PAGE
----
One of the most widely occurring metaphors in the Bible involves eating. We must develop the ability to feed ourselves properly, discerning the good and bad.
We are what we eat. The same can apply spiritually to what we put into our minds. God wants us to desire His Word with the eagerness of a baby craving milk.
A poor spiritual diet will bring about a weak spiritual condition. What the mind assimilates is exceedingly more important than what the stomach assimilates.
Martin Collins contends that critics of the Bible, in their effort to 'prove' the inaccuracies of the Bible show their own lamentable sophomoric ignorance and naïve shallowness. When properly understood, the narratives of the Bible do not contradict o. . .
Charles Whittaker, claiming that the most important physical meal we eat each day is breakfast, suggests that spiritual breakfast is also the most important spiritual meal of the day. Isaiah counseled us that the early morning hours seemed to be the most a. . .
Jeremiah compares studying and meditating upon God's Word to physical eating, enabling a person to receive spiritual energy, vitality, and health.
Christian freedom has nothing to do with location or circumstance but how we think. By imbibing on God's Word, we will incrementally displace our carnality.
Richard Ritenbaugh contends that conversion, like salvation is a process that begins at a particular event in time (after our repentance, baptism, and receiving of God's Holy Spirit) but requires a maturing period in which we, using God's Holy Spirit, mort. . .
The concept of a spiritual birth has confused many. The Bible consistently compares Christians to already-born children or adults, not fetuses.
In these days of psychology and feeling, doctrine is not very popular. But it is absolutely necessary for the salvation! Here are the basic doctrines.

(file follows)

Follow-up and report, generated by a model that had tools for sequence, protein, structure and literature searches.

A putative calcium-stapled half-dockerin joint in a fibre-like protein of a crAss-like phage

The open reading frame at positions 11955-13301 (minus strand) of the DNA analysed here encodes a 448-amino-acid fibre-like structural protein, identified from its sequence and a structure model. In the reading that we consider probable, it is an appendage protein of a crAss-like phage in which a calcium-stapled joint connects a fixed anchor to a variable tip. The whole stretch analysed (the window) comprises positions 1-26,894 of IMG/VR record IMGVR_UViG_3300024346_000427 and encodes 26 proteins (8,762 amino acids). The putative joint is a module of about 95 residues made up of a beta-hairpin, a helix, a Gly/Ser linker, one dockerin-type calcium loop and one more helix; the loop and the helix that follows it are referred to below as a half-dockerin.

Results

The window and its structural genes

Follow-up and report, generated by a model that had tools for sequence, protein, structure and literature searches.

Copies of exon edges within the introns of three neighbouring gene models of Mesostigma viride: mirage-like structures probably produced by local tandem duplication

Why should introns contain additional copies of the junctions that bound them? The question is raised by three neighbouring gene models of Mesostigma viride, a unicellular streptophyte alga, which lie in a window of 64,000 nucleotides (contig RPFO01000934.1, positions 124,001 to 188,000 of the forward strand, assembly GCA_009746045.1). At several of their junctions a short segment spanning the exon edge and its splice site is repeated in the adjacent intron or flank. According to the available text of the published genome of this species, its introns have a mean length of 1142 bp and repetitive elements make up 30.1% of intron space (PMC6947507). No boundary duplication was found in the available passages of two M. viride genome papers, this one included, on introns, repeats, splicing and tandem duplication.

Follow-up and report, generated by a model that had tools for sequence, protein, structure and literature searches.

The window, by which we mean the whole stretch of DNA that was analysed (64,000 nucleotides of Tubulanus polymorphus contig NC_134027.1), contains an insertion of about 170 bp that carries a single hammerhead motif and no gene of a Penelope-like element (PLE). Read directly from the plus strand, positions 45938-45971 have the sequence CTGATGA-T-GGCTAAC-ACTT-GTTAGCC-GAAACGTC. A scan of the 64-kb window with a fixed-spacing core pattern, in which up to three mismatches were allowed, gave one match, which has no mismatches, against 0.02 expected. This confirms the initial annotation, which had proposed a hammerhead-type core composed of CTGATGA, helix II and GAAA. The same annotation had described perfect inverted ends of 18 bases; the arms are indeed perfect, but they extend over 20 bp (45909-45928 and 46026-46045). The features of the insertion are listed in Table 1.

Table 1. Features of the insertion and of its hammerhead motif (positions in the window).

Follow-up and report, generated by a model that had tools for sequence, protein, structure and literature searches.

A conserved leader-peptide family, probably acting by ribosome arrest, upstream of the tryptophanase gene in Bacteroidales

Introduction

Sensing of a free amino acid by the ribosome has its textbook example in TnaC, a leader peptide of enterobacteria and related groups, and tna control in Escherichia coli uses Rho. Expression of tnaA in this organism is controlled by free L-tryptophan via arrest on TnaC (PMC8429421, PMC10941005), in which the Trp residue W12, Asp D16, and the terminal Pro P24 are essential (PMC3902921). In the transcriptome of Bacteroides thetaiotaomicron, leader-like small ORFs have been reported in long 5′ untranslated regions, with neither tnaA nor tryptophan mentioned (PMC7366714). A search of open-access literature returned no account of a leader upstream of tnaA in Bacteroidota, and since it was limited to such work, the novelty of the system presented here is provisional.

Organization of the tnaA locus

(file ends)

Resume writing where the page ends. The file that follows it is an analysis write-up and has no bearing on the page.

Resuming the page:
John Ritenbaugh suggests that whether we do or do not make it to the Feast of Tabernacles next year depends on our faithfulness at stirring up the gift of God's spirit within us through consistent prayer, Bible study, and hearing God's word. Distractions b. . .
David Grabbe, marveling that over the past 25 years the Church of the Great God has assembled a massive library of electronic resources as a service to the Greater Church of God, as well as to the world at large, asserts that God performed this work at a f. . .
When properly evaluated, there are no discrepancies in scripture; God is not the author of confusion. God does not enlighten us until we are mature enough.
John Ritenbaugh affirms that Jesus Christ's sinlessness was not the result of being a programmed automaton, but instead as a result of volition or choice—actively struggling against carnal pulls and temptations, enabling Him to fully empathize and ha. . .
Martin Collins, continuing the series on "Marriage and the Family," focuses on the admonition to the husband's obligation to render affection as self-sacrificial love, as seen in I Corinthians 7:3-4 and Ephesians 5:25-33, typifying the affection . . .
As future priests, we are going to be given rigorous, hands-on jobs to teach people righteousness and holiness, distinguishing between the sacred and profane.
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